DatagramSockets are Java’s mechanism for network communication via UDP instead of TCP. Java provides DatagramSocket to communicate over UDP instead of TCP. It is also built on top of IP. DatagramSockets can be used to both send and receive packets over the Internet.
One of the examples where UDP is preferred over TCP is the live coverage of TV channels. In this aspect, we want to transmit as many frames to live audience as possible not worrying about the loss of one or two frames. TCP being a reliable protocol add its own overhead while transmission.
Another example where UDP is preferred is online multiplayer gaming. In games like counter-strike or call of duty, it is not necessary to relay all the information but the most important ones. It should also be noted that most of the applications in real life uses careful blend of both UDP and TCP; transmitting the critical data over TCP and rest of the data via UDP.
This article is a simple implementation of one-sided client-server program wherein the client sends messages to server and server just prints it until the client sends “bye”.
Java Datagram programming model Steps
- Creation of DatagramSocket:- First, a datagramSocket object is created to carry the packet to the destination and to receive it whenever the server sends any data. To create a datagramSocket following constructors can be used:
protected DatagramSocket DatagramSocket():
Syntax: public DatagramSocket() throws SocketException Creates a datagramSocket and binds it to any available port on local machine. If this constructor is used, the OS would assign any port to this socket.
- protected DatagramSocket DatagramSocket(int port):-
Syntax: public DatagramSocket(int port) throws SocketException Parameters: port - port to which socket is to be bound Throws: SocketException - If the socket cannot be bound to the specific local port. Creates a DatagramSocket and binds to the specified port on the local machine.
- protected DatagramSocket DatagramSocket(int port, InetAddress inetaddress):-
Syntax: public DatagramSocket(int port, InetAddress inetaddress) throws SocketException Parameters: port - port to which socket is to be bound. inetaddress - local address to which socket is to be bound. Throws: SocketException - If the socket cannot be bound to the specific local port. It creates a DatagramSocket and binds it to specified port and ip-address.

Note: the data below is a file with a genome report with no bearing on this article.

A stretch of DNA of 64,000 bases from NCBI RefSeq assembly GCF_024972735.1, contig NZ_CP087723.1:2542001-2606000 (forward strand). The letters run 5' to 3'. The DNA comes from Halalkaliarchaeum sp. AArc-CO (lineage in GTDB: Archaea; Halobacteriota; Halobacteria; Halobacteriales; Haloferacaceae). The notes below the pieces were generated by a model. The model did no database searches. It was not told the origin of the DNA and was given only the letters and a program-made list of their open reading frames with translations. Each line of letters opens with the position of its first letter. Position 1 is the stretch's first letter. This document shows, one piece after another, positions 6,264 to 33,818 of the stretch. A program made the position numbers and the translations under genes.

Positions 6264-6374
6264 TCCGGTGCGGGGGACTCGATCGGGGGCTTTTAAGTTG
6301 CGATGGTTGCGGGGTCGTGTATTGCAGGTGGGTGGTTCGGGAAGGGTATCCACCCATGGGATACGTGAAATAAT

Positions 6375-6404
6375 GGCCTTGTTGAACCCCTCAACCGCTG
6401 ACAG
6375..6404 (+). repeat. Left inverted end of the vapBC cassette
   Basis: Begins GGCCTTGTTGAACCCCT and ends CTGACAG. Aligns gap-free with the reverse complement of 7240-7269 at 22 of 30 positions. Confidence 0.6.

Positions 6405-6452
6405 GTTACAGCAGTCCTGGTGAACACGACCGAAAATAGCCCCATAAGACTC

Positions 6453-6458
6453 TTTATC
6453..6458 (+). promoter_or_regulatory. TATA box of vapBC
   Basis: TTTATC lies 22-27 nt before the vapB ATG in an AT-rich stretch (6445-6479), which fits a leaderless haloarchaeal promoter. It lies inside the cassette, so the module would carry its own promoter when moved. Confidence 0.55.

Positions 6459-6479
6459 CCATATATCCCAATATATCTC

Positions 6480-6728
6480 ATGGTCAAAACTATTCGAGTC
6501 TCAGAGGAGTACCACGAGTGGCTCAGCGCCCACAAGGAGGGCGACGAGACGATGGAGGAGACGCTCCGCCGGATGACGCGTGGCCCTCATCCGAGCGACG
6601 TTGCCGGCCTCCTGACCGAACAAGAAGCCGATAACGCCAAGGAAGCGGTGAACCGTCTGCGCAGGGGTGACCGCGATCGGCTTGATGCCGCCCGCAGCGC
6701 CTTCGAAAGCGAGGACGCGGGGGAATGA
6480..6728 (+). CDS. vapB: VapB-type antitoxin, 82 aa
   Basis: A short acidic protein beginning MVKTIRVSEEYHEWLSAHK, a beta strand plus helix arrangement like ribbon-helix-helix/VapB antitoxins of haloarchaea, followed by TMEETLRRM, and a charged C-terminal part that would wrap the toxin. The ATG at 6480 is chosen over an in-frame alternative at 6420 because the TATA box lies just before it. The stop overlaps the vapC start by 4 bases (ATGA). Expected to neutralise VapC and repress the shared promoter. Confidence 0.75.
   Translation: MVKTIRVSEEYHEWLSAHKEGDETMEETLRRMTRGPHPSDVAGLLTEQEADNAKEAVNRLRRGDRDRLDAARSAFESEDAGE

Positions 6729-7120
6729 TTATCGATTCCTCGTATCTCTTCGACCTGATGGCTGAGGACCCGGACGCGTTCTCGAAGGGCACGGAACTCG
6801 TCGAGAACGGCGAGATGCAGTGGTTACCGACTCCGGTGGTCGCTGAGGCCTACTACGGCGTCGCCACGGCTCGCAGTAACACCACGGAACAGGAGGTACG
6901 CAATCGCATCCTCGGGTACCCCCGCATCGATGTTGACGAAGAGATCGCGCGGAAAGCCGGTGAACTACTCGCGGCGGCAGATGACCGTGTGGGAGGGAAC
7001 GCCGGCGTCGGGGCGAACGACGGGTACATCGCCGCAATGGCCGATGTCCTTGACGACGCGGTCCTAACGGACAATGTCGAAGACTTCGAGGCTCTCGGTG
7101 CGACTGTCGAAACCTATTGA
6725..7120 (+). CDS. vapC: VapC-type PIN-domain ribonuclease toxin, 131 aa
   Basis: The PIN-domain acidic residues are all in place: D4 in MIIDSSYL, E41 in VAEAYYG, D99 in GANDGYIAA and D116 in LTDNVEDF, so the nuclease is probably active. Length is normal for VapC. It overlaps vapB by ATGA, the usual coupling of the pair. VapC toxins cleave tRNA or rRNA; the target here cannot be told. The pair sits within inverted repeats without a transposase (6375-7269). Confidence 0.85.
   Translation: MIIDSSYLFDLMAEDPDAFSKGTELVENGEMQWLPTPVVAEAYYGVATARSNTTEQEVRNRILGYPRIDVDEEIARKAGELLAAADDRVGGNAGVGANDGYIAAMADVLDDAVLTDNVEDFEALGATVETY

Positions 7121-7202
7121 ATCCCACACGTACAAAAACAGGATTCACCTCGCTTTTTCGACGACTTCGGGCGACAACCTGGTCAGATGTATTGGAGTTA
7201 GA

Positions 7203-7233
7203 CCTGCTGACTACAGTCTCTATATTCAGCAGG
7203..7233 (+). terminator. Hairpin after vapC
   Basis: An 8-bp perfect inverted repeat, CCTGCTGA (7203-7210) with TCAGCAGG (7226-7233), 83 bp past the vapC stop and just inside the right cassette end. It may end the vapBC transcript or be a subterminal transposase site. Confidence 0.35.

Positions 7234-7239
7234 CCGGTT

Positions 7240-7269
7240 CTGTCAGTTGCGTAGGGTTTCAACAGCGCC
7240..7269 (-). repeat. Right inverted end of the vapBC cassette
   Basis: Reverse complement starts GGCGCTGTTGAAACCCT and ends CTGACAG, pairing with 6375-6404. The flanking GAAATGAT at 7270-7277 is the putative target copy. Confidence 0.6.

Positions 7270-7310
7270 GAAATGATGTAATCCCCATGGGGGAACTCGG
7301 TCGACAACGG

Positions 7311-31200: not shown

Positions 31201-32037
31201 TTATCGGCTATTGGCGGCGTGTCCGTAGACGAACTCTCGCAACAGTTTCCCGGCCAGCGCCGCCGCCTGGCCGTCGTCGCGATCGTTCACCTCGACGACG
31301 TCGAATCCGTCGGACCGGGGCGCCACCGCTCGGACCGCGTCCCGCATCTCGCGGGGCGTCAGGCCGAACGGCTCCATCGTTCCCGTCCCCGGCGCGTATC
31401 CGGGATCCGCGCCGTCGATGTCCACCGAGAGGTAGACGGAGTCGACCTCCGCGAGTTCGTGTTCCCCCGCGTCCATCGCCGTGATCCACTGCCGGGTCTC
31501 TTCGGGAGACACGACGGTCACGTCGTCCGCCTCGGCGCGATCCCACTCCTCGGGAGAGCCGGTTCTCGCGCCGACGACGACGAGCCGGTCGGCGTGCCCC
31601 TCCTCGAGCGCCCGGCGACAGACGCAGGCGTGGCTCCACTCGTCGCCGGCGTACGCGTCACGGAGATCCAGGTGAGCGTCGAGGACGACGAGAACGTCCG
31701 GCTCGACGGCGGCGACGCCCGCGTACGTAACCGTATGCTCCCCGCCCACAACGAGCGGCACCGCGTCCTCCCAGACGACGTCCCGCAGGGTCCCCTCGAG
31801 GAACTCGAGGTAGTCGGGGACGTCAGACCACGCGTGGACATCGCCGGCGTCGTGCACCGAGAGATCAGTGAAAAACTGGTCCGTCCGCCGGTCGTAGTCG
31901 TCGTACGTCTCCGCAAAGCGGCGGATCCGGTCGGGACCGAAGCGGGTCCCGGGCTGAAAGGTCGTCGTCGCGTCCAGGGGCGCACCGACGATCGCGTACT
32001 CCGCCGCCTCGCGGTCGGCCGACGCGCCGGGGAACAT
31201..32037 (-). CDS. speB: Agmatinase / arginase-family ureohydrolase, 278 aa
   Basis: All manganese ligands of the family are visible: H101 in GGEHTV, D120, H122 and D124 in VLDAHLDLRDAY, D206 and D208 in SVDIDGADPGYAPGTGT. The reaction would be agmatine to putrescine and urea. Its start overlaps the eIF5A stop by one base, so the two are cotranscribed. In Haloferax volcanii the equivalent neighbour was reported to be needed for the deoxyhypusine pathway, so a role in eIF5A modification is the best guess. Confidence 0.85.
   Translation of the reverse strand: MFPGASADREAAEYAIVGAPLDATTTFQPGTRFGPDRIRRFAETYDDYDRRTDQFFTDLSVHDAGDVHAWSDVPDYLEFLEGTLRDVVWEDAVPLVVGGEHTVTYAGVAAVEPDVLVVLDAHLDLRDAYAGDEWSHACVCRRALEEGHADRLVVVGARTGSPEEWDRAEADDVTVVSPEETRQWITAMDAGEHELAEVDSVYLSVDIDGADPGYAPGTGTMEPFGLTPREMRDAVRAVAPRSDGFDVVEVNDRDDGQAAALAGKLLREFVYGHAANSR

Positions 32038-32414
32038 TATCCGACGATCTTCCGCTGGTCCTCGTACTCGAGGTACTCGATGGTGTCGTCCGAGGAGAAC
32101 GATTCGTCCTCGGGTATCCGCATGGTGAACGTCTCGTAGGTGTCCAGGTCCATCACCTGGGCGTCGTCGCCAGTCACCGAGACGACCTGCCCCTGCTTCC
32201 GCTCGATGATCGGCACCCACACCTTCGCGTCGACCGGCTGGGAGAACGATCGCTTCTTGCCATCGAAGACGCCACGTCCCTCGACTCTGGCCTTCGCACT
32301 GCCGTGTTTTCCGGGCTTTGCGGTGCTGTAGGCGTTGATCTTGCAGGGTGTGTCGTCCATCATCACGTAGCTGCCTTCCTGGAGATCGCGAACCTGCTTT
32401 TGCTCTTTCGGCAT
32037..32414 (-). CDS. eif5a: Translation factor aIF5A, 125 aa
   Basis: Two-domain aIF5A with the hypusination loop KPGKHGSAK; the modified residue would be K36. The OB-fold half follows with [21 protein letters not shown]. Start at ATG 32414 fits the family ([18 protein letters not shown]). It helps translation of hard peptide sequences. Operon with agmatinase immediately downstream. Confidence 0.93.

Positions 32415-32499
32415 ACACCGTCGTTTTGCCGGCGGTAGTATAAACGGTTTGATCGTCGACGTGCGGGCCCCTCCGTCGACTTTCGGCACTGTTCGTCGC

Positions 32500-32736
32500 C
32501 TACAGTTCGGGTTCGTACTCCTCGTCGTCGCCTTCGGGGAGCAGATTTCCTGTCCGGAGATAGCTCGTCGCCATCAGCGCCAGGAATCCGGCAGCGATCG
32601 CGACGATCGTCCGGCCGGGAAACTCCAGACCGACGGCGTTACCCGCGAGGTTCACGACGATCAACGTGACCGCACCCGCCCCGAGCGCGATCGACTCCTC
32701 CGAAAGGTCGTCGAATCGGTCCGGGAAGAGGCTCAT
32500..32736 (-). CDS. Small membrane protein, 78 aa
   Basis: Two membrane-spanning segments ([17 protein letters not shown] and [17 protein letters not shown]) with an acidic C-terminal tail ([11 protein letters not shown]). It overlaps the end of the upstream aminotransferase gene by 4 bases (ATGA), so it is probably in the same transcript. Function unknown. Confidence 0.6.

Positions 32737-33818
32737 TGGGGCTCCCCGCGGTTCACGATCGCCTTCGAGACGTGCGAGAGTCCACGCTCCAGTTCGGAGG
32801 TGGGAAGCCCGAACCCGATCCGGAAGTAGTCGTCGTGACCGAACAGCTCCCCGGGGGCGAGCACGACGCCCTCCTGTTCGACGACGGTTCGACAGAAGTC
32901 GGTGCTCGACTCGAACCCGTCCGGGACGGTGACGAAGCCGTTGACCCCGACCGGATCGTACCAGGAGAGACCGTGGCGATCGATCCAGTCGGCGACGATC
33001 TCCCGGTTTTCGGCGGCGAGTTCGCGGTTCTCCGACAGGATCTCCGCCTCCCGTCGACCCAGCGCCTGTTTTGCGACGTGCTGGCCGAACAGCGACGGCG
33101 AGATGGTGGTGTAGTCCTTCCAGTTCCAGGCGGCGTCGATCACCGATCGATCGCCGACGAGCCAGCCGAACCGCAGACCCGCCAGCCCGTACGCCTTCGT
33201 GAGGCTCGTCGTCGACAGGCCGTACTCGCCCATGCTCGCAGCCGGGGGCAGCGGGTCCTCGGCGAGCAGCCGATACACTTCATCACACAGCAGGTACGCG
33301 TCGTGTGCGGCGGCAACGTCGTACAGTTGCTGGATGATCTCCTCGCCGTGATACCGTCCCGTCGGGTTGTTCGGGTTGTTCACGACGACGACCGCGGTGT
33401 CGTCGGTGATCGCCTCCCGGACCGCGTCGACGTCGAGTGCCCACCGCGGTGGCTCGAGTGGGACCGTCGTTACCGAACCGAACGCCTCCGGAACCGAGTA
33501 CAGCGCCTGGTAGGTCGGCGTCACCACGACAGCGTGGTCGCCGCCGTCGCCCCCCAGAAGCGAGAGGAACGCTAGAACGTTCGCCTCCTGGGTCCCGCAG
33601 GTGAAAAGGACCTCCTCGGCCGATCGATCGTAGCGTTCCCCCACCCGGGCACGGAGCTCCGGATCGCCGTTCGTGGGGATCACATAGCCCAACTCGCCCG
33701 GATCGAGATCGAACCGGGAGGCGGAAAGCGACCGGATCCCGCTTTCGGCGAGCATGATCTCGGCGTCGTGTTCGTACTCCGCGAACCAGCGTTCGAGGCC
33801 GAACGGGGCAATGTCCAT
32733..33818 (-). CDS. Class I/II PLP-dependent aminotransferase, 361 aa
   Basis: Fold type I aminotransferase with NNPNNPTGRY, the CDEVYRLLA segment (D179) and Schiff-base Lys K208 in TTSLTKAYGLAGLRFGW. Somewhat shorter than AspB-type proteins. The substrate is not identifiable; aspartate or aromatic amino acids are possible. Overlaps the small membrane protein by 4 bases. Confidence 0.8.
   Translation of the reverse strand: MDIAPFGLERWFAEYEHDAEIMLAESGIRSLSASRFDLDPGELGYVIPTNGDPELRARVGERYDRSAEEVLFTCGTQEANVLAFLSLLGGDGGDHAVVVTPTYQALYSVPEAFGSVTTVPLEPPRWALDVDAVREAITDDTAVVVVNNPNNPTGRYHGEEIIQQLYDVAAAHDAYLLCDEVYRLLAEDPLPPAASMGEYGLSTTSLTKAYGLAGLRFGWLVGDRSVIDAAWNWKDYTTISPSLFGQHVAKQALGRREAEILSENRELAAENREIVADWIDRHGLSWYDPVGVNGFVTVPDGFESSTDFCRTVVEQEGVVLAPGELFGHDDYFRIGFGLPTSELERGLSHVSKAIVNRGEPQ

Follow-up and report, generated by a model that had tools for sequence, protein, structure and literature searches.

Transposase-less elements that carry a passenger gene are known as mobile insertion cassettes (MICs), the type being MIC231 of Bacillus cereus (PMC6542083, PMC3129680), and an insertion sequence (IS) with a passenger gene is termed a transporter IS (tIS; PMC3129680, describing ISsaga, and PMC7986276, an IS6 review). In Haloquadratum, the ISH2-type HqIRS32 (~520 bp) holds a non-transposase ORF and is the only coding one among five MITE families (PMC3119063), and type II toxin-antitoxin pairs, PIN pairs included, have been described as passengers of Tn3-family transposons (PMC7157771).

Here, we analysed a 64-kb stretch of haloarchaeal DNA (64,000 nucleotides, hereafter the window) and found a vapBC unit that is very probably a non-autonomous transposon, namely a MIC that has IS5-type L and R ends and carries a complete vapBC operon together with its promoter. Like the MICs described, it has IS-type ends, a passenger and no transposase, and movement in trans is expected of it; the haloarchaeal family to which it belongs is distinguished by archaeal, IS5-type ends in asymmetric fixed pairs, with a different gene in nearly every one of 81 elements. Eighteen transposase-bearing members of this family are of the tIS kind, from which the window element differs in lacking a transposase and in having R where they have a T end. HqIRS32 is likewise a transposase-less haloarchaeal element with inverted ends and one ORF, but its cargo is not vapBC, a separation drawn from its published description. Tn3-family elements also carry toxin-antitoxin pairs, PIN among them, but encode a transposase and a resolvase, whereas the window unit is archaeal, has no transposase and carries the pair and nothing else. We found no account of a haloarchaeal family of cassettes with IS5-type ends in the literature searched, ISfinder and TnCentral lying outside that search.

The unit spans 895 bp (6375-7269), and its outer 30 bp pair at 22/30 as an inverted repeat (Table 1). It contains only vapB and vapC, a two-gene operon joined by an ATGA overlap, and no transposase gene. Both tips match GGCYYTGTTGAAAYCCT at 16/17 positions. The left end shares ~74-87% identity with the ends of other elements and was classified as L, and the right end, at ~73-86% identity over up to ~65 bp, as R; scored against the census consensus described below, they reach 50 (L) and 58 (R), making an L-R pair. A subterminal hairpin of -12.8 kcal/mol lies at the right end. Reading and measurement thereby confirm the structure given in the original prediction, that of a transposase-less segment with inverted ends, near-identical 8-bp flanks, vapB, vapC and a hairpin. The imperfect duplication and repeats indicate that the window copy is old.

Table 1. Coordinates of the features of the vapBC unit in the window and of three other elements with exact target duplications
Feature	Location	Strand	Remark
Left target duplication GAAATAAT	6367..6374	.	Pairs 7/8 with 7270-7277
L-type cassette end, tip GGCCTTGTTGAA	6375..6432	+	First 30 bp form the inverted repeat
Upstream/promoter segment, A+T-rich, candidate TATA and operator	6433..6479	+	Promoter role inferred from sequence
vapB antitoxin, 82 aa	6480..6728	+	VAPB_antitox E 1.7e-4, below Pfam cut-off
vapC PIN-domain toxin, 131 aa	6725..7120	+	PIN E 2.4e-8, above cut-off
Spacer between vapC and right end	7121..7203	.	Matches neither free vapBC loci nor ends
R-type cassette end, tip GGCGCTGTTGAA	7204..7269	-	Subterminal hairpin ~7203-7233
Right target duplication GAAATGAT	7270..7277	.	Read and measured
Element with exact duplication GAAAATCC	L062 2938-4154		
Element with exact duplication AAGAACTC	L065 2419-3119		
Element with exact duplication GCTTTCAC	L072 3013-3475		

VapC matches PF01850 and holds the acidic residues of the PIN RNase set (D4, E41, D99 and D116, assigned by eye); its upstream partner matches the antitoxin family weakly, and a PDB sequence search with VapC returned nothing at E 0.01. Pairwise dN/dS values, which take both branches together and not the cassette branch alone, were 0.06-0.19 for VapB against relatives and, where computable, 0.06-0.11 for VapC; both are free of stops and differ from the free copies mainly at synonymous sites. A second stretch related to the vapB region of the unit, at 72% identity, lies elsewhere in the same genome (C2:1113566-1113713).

- protected DatagramSocket DatagramSocket():
- Creation of DatagramPacket: In this step, the packet for sending/receiving data via a datagramSocket is created.
- Constructor to send data:
DatagramPacket(byte buf, int length, InetAddress inetaddress, int port):-
Syntax: public DatagramPacket(byte buf, int offset, int length, SocketAddress address) Parameters: buf - the packet data. offset - the packet data offset. length - the packet data length. address - the destination socket address. Constructs a DatagramPacket for sending data at specified address and specified port.
- Constructor to receive the data:
DatagramPacket(byte buf, int length):-
Syntax: public DatagramPacket(byte buf, int length) Parameters: buf - the packet data. length - the packet data length. Constructs a DatagramPacket for recieving the data of length length in the byte array buf.
- Constructor to send data: DatagramPacket(byte buf, int length, InetAddress inetaddress, int port):-
- Invoke a send() or receive() call on socket object
Syntax: void send(DatagramPacket packet) throws SocketException Parameters: packet - Datagrampacket to send. Throws: SocketException - If there is an error in binding. IllegalArgumentException - if address is not supported by the socket.
Syntax: void receive(DatagramPacket packet) throws SocketException Parameters: packet - Datagrampacket to receive from this socket. Throws: SocketException - If there is an error in binding. IllegalArgumentException - if address is not supported by the socket.
Client Side Implementation
Hello I am Client. ... bye
Server side Implementation
In a nutshell, we can summarize the steps of sending and recieving data over UDP as follows:-
- For sending a packet via UDP, we should know 4 things, the message to send, its length, ipaddress of destination, port at which destination is listening.
- Once we know all these things, we can create the socket object for carrying the packets and packets which actually possess the data.
- Invoke send()/receive() call for actually sending/recieving packets.
- Extract the data from the received packet.
Client:- Hello Client:- I am client. ... Client:- bye Client sent bye.....EXITING
Note:- In order to test the above programs on the system, Please make sure that you run the server program first and then the client one. Make sure you are in the client console and from there keep on typing your messages each followed with a carriage return. Every time you send a message you will be redirected to the server console depending on your environment settings. If not redirected automatically, switch to server console to make sure all your messages are received. Finally to terminate the communication, type "bye" (without quotes) and hit enter.
As an enthusiastic reader you should also try and implement a two way chat application wherein the server will be able to respond to messages as and when he likes.
This article is contributed by Rishabh Mahrsee. If you like GeeksforGeeks and would like to contribute, you can also write an article using contribute.geeksforgeeks.org or mail your article to firstname.lastname@example.org. See your article appearing on the GeeksforGeeks main page and help other Geeks.
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Improved By : MarkShanks